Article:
The F-150 uses a hall effect current sensor the negative battery lead for the internal battery monitoring system (BMS) which in turn controls the alternator output among other things. Connecting to the battery neg post would bypass that sensor and not let it see the actual state of the battery current draw thus altering the calculated battery SOC. The F-250 may also have a BMS from what I can see. I would use the chassis connection. They will both work though.
 
K7MDL said:
The F-150 uses a hall effect current sensor the negative battery lead for the internal battery monitoring system (BMS) which in turn controls the alternator output among other things. Connecting to the battery neg post would bypass that sensor and not let it see the actual state of the battery current draw thus altering the calculated battery SOC. The F-250 may also have a BMS from what I can see. I would use the chassis connection. They will both work though.
That’s a new one for me… really good to know!
 
K7MDL said:
The F-150 uses a hall effect current sensor the negative battery lead for the internal battery monitoring system (BMS) which in turn controls the alternator output among other things. Connecting to the battery neg post would bypass that sensor and not let it see the actual state of the battery current draw thus altering the calculated battery SOC. The F-250 may also have a BMS from what I can see. I would use the chassis connection. They will both work though.
Thanks for sharing, I had to look that one up.
 
I terminated the ve- cable in the engine compartment at the chassis ground point, ve+ at the Blue Sea CB.

Do smart alternators use the Hall effect sensor to manage alternator output?
 
I do not know what other vehicles use myself, but hall effect sensors are small and popular. I use one for my main 70A 12V ham radio shack power supply current meter. They are also used for charge and discharge current sensing in large 150VDC oil-filled pressure tolerant lithium batteries I work on used for deep submersibles. They are very reliable but I did have to replace one buried inside of one battery.
 
I’m making progress inside the camper with a new battery box (16 inch square footprint). It’s a tight fit, but I have the components installed. A little larger box would have probably been a good idea.

A couple of wiring issues have come up:

1) IIRC Tacoma Austin has a Blue Sea circuit breaker in the solar input line. Seems like a good idea particularly with the Renogy dcdc. I think if the circuit is open the dcdc wouldn’t sense a solar input and could deliver the rated charge from the alternator. Do I understand this correctly?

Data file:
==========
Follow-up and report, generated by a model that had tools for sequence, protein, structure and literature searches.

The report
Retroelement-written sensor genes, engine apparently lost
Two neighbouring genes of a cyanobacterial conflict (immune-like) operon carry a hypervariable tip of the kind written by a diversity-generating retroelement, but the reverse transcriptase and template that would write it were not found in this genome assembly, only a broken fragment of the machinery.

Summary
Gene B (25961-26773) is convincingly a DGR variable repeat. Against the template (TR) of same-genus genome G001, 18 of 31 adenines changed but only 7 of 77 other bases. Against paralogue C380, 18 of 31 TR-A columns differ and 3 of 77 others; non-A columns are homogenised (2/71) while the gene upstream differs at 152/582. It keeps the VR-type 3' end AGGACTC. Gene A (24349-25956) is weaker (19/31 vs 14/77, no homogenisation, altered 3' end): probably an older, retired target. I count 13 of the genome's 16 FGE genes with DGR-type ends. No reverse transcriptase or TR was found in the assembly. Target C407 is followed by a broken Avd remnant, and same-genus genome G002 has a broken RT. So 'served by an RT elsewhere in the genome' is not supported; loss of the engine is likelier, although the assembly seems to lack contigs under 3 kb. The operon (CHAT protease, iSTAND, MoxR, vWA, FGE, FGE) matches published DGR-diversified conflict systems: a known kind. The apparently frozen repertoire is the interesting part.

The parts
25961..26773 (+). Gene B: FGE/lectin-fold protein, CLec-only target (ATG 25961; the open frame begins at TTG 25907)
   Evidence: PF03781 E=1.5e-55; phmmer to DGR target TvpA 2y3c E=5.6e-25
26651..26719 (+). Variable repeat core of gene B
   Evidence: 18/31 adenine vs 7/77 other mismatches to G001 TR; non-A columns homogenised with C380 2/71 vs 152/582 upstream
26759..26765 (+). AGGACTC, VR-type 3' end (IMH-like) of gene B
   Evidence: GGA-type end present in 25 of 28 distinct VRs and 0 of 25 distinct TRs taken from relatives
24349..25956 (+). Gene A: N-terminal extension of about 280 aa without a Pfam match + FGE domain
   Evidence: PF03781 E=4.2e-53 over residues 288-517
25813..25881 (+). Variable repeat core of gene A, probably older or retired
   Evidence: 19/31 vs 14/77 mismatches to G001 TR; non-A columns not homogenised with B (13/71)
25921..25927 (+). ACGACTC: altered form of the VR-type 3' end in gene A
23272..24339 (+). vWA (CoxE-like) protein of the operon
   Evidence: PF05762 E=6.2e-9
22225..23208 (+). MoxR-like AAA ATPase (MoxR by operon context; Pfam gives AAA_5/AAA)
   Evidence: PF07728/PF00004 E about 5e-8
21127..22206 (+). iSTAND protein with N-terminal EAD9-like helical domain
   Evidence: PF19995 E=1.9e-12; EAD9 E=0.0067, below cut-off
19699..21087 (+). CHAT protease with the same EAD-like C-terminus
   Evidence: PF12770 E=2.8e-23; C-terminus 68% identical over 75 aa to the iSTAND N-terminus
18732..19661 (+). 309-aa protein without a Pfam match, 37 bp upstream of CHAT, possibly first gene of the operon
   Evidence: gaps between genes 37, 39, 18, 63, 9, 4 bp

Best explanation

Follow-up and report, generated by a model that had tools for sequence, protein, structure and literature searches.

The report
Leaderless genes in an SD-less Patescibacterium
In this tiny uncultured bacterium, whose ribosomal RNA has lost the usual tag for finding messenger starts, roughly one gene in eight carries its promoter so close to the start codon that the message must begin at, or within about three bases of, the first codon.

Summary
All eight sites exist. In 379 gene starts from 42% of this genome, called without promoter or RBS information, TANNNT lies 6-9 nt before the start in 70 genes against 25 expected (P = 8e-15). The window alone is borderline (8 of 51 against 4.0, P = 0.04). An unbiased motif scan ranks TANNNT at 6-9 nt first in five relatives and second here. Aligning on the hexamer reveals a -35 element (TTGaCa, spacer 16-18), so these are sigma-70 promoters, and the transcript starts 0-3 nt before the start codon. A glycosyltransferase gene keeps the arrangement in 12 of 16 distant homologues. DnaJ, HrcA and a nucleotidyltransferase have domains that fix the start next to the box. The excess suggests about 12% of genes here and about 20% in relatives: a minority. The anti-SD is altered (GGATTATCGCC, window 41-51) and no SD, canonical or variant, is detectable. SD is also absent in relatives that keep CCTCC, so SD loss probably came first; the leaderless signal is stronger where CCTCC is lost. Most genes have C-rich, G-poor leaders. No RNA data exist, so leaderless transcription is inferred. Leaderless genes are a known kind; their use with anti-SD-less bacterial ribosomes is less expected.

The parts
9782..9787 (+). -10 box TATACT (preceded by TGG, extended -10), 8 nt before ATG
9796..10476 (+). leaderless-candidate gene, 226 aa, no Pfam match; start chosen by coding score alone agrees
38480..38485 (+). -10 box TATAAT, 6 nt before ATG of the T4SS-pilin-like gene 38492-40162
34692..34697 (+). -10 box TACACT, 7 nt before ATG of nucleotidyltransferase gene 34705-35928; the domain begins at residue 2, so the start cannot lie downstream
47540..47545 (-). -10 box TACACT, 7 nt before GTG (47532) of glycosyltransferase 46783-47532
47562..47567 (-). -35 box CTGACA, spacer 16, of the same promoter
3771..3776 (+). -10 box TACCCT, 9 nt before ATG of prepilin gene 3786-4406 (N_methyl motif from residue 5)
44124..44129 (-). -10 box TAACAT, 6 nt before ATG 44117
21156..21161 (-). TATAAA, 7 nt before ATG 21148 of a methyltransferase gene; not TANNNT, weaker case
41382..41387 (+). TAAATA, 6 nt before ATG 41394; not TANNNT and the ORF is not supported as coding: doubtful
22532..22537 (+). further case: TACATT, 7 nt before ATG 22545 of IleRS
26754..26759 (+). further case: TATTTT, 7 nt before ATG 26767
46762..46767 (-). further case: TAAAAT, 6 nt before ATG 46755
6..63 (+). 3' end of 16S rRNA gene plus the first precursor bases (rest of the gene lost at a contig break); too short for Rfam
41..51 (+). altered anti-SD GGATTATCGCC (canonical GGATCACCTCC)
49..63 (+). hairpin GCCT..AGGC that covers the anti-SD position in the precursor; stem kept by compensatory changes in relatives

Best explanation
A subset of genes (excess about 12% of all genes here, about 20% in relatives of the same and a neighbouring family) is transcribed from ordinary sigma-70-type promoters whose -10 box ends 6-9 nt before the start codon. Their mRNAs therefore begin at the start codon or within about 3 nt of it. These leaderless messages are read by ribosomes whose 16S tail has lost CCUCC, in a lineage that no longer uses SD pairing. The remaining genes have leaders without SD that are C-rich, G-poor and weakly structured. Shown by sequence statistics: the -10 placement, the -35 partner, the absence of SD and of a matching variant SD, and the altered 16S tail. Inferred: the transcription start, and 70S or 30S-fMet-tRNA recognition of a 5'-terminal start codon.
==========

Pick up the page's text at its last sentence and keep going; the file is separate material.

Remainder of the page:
2) There are 10 awg wires from the battery compartment to the dc fuse panel. I don’t recall seeing a fuse on this line during the disassembly of the stock system. The loads on the panel are all fused but shouldn’t the 10 awg cable be fused. I believe 30 amps is the maximum current for a 10 awg cable. Is an in line fuse or a circuit breaker a best practice for this cable?
 
Defulmmt said:
1) IIRC Tacoma Austin has a Blue Sea circuit breaker in the solar input line. Seems like a good idea particularly with the Renogy dcdc. I think if the circuit is open the dcdc wouldn’t sense a solar input and could deliver the rated charge from the alternator. Do I understand this correctly?
The breaker for my solar panel is for when I disconnect the house battery for storage. It lets me isolate the solar panels BEFORE switching off the house battery.

I haven't used this feature remove the solar panel from the equation when driving down the road for the purpose of bumping up the charging amps from the Renogy DC to DC charger. I may do this later on in the year when the solar panel is next to useless on a dreary winter day.
 
2) There are 10 awg wires from the battery compartment to the dc fuse panel. I don’t recall seeing a fuse on this line during the disassembly of the stock system. The loads on the panel are all fused but shouldn’t the 10 awg cable be fused. I believe 30 amps is the maximum current for a 10 awg cable. Is an in line fuse or a circuit breaker a best practice for this cable?



Generally you want a fuse and/or battery disconnect as close to the battery as you can get. There are standards (RVIA for RVs, ABYC/NMEA for marine) that specify max distances allowed. Also wire size guides for current in a length of wire for specified voltage drops and insulation temperature ratings. For marine it can vary, if cable is jacketed or in conduit it is allowed to go further from the battery.

It comes down to a risk calculation - what is the chance of the wire from the battery to the first fuse or load point getting damaged and shorting, thus unleashing massive current and burning your wire and perhaps your vehicle with it?

I believe the RVIA magic number is 18 inches but I do not have the standard in front of me. In our campers the battery to fuse block wire may be close, though it seems like a bit longer in mine. Given that the wire is reasonably protected in sheathing and/or in cable harnesses in backs of cabinets, the risk of going a few inches longer seems low and I suspect FWC thinks so also. Of my 3 FWC campers, none use battery fuses or a switch.

When I get around to upgrading to LI batteries, it will get rewired and I plan to install a switch and fuse near the battery. For my portable batteries I use a MAXI fuse within a few inches of the positive post.